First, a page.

“Are your actions creating a world around you that you want to live in?”
If the answer is yes, then you’ve mastered this concept and there’s no need for you to read any further.
But for most of us, including myself, it’s an ongoing practice. It’s our default nature as human beings to first see what isn’t working, what’s annoying or frustrating. It takes awareness and intention to create another path.
A lot of the practice for me comes from my interactions with my mom. Like any mother, she has lots of opinions about my life, and she also has no qualms about telling me. Just a few days ago she sent me an email telling me to schedule an appointment with my dentist. “Please do it rather than wait for problems to arise,” she wrote.
My first reaction was annoyance, followed by defiance. I already had an appointment scheduled, but she didn’t know that, she just assumed I didn’t have one. God, how could she be so annoying? My second reaction was to just ignore the message. How dare she try to tell me what to do, and treat me like a child who doesn’t know how to take care of himself! She doesn’t deserve a response.
But then there was a thought ruminating in the back of my mind, slowly growing over time. She’s my mom. She cares about me and wants the best for me. In fact, she cares so much that she can’t bear not telling me. From that, a new perspective arose: I don’t have to actually do the things she’s saying. In fact, I never have to do any of them. I just have to hear them as her caring about me, that’s all.
What happened after that is I just sent a quick reply, “Thanks mom! I have an appointment scheduled for Monday.”
The impact for her is that she gets to express herself and say what’s going on for her. She has the freedom to be herself around me. The impact on me is that I’m not annoyed or frustrated, and I can hear anything she’s saying as her expressing her care for me.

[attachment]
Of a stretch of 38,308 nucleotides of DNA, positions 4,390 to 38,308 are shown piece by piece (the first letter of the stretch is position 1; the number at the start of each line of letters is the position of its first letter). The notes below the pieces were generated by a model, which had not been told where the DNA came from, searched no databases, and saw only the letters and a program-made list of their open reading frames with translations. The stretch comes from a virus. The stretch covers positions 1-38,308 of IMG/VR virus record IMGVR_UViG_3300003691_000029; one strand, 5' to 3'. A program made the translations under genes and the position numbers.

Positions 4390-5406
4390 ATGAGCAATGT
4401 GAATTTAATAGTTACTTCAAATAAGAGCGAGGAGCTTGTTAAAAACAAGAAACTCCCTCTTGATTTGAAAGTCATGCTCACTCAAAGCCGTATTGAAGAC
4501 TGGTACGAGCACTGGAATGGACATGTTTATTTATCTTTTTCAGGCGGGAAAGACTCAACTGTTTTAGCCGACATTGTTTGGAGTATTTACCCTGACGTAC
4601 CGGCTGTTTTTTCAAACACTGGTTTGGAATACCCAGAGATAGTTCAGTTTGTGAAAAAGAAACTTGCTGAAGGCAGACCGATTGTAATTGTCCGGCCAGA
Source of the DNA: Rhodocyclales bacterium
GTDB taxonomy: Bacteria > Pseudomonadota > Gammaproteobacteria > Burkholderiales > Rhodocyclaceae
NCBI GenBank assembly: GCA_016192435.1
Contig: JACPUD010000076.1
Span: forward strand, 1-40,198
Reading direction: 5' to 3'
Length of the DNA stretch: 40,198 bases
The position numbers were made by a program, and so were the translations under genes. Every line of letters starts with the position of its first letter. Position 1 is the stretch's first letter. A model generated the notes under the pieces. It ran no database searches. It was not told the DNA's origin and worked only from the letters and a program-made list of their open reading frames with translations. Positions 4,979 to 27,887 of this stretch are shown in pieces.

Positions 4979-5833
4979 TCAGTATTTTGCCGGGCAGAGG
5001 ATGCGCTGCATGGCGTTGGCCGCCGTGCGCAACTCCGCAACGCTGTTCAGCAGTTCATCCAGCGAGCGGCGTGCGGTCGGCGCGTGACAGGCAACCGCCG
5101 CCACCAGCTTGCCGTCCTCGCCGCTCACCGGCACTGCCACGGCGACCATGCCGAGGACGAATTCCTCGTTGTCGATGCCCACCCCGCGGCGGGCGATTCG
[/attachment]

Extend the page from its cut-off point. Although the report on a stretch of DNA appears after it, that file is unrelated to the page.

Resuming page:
With a single action, I diverted our relationship from heading down a path of annoyance and avoidance, and instead consciously and intentionally directed it towards a relationship with love, care, and listening, while maintaining my individuality (I don’t have to actually do anything she says).
Have you had the experience of someone “putting you in a box?”
- What was that like?
- How did it impact your behaviors/the things you do around them?
- Did you want to be around them more, or less?
Do you notice that you put people in boxes?
- Specifically who in your life is coming to mind?
- What’s the box you put them in?
- How do you think it impacts their experience of being around you?
Now that you see this, is that the box you want to put them in?
- If not, who do you want them to be around you?
- You have the power to transform them. Not just transform your behavior, but really transform them.
- What actions can you take next time that are aligned with this?
Please tell me, I’d love to know!
You can email me: Steve@CoachSteveYang.com